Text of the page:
But once there would have been a lifestyle I could have fallen back into when I got fed up with being a active, engaged, political busybody constantly making decisions: a lifestyle of Clarion Cycling Clubs, Socialist Sunday Schools, Working Mens Libraries, the Co-op and so forth. (I suspect the Orange equivalent includes the flute bands).

    Today, the Left doesn’t have any of that – it is a mere ‘political’ approach. So to be ‘of the Left’ feels narrow, and two dimensional – whereas there is a ‘green lifestyle’, even if most of us who think well of it are a little bit hypocritical about actually living it.

    I’m fed up with covering my two dimensionality with bloody shopping.

  4. Rabelais permalink*
    July 6, 2010 11:16 am

    Thanks Charlie,

    The site of a flute band and loyalist supporters marching into and reversing out of a cul de sac simply defines representation. It makes apparent the thin line that separates horror and comedy. I has to be seen to be believed and even then you’re left asking, ‘What just happened there?’

    However, the Orange Order should be the envy of every serious political project. It’s an organisation that straddles the cultural and political, with deep and durable roots in the community it gives representation to. It’s content (sectarianism) I can’t abide but its form (street celebrations and community solidarity) is something I wish I could bottle, for its an antidote to the vacuous, privatising logic of consumer capitalism.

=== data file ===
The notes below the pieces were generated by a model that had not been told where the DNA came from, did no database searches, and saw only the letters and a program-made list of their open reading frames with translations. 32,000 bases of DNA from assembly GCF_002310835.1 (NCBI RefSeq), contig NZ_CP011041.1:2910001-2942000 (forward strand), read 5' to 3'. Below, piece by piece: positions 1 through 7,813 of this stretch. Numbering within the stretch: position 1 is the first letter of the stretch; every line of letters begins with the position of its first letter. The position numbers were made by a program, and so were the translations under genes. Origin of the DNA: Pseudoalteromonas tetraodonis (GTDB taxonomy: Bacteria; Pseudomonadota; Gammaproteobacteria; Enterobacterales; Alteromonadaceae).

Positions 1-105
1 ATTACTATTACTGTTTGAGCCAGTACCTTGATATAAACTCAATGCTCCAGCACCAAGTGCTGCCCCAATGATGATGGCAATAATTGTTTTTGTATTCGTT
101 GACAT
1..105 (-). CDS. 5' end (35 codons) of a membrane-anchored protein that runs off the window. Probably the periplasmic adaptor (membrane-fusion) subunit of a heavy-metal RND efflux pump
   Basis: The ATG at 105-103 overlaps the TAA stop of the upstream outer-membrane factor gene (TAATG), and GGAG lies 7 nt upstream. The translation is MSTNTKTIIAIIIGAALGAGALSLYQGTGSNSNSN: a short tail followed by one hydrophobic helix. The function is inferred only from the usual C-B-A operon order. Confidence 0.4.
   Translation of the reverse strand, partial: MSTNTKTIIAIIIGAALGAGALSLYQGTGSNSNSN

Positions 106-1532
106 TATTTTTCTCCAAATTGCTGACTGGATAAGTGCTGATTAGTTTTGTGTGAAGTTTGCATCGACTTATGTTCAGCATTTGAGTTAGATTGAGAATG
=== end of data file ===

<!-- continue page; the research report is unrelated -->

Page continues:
I really believe that people want to feel part of something meaningful, something that won’t melt into air (I certainly do). But the preferred neo-liberal model for life and living is transient and atomising, which is great if you’re an evangelic postmodernist, although I don’t know any of those (anymore).

    The problem for the Left is, as you point out, we have other things to do, important stuff like looking after kids and the tomato plants in the back garden, so where do you find the time for politics. I think you’ve made the point before elsewhere that the Left needs a culture or lifestyle, something embedded and practiced as routine, or as Raymond Williams might have put it a ‘structure of feeling’. And maybe that structure of feeling has got incorporate kids and tomato plants and films and music and love and taxes.

    God, I hope there’s room for tomato plants in the socialist future. I’ve tree varieties growing out back at the moment.

  5. July 6, 2010 11:24 am

    Ah: tomato plants.

    Now they come in both green and red, don’t they?

    So perhaps there is hope….

    • Rabelais permalink*
      July 7, 2010 9:01 am

      Alas, Charlie, I’m growing orange and purple varieties, which I’ve just realised are the colours of the Loyal Orders over here. I’ll do better next year.

  6. July 6, 2010 6:55 pm

    This is all very interesting. I recall being part of what felt like a Labour ‘family’ in Hackney in the 1980s, in that much of my spare time was taken up with going to meetings but also socialising with fellow LP members, including going to the Labour club in Dalston. It was at a time when society was very polarised – you were either for or against Thatcherism and that provided some bonding in addition to a very vaguely thought out political viewpoint and some cheap beer.